Taiwanese businesspeople in the Philippines fear impact of travel ban

Manila Business associations representing Taiwanese nationals in the Philippines warned Tuesday that the government's decision the day before to include Taiwan in a travel ban could have a widespread impact on the Taiwanese community in that country.

On Monday night, the Philippines' Civil Aeronautics Board (CAB) issued a clarification on a Feb. 2 directive banning travel from China, Hong Kong and Macau, announcing that under the country's One China policy, the restrictions would also apply to Taiwan.

The policy temporarily bans the entry of travelers from China, Macau, Hong Kong and Taiwan, as well as travelers who have been to those places in the 14 days preceding arrival, with the exception of Filipino citizens and holders of permanent resident visas. It also bans Filipinos from traveling to any of those four destinations.

In response to the measures, Huang Ya hui (???), the chairwoman of the Taiwanese Association Philippines, said that as many Taiwanese in the country hold retiree's visas or special investor visas, rather than permanent resident visas, the impact of the ban could be quite broad.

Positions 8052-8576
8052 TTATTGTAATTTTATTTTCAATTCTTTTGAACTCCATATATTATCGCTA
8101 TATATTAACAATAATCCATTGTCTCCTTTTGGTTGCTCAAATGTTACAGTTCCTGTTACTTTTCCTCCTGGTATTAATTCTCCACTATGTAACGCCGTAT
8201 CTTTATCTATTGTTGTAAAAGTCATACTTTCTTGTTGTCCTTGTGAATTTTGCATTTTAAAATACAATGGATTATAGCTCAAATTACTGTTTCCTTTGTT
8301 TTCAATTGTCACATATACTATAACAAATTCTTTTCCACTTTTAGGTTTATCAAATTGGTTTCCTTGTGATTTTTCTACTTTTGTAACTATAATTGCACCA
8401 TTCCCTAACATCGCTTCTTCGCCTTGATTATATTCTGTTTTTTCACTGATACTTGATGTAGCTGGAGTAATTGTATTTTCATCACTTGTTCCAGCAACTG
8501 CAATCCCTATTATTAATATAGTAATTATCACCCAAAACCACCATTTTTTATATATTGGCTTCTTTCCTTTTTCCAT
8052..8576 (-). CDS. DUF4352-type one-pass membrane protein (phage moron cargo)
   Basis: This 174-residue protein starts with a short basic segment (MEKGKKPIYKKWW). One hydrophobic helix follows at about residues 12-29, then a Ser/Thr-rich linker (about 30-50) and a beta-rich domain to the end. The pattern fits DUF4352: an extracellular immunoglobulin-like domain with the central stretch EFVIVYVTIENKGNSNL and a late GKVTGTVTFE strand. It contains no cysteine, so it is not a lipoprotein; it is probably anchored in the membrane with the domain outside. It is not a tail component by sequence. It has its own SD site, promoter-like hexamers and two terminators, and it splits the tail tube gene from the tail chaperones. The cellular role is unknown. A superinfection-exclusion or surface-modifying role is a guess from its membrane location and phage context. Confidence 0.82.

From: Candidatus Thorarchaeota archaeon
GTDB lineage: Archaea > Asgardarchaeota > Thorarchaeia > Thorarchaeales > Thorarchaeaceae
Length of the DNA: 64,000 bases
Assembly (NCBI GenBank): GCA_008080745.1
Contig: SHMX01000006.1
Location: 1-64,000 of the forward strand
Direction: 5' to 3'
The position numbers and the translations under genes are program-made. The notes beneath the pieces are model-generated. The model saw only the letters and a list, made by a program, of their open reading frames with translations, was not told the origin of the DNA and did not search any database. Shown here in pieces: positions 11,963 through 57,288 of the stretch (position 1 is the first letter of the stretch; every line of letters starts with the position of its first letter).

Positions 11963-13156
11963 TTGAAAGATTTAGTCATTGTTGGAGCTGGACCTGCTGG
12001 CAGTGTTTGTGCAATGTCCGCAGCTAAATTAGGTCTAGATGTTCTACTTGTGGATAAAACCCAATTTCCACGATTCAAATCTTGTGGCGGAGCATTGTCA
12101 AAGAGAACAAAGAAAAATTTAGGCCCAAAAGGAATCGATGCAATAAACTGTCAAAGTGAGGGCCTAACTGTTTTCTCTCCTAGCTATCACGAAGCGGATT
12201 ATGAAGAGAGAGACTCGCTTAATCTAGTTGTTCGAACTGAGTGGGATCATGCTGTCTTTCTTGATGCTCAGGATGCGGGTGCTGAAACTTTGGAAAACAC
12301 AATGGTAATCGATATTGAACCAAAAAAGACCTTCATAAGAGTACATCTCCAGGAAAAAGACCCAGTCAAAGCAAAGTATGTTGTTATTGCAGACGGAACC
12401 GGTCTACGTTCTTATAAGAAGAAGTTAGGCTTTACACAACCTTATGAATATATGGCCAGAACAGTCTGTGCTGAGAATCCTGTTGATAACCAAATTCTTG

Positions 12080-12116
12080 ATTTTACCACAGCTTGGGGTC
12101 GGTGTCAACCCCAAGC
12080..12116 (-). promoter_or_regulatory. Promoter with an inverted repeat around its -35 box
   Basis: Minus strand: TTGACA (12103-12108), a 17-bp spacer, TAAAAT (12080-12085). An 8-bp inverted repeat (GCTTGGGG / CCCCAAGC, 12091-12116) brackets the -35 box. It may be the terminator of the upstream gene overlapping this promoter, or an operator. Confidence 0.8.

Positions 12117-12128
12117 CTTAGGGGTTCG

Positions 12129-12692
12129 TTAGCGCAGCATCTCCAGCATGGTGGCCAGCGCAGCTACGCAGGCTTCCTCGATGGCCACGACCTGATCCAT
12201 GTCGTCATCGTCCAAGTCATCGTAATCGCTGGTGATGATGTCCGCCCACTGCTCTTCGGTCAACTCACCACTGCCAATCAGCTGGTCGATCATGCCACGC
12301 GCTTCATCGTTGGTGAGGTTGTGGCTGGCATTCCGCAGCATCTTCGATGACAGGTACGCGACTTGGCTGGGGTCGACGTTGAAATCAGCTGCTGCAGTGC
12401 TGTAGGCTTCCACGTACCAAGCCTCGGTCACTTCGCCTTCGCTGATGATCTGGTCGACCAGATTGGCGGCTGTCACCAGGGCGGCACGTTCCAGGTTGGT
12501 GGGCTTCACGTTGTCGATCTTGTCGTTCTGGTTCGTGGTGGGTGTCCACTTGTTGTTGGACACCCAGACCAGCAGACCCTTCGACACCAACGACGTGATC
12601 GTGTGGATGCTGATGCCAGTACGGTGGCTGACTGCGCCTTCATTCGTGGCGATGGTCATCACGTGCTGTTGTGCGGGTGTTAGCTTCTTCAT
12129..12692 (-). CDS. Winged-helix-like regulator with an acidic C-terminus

While the CAB statement only refers to travelers "directly coming from" the banned locations, and does not state whether Taiwanese passport holders arriving from a third country will be allowed entry. Huang said many Taiwanese are not willing to take any chances until they receive further guidance on the policy.

"The biggest worry right now is leaving the country and being unable to return," she said, citing the potentially ruinous effect this could have on people's businesses.

Another issue on many people's minds is family, according to Lin Teng feng (???), the vice president of the Taiwanese Compatriot Association in the Philippines.

Lin said his wife and daughter Philippine passport holders who are currently with him in Taiwan would be able to return, while he, as the holder of a temporary resident visa through marriage, would be prohibited entry under the policy.

In addition to separating him from his family, Lin worries that being away from his company could greatly affect his livelihood.

"If I can't go back, there will be no one to sign the checks, and if we don't pay the bills, the company can't operate," he said.

"How will I pay my employees' salaries?" he added.

Lin said the Philippine government has not yet clarified how it will handle people in his situation, but said he planned to make travel arrangements on Wednesday, and would hope for the best.

Source: Focus Taiwan News Channel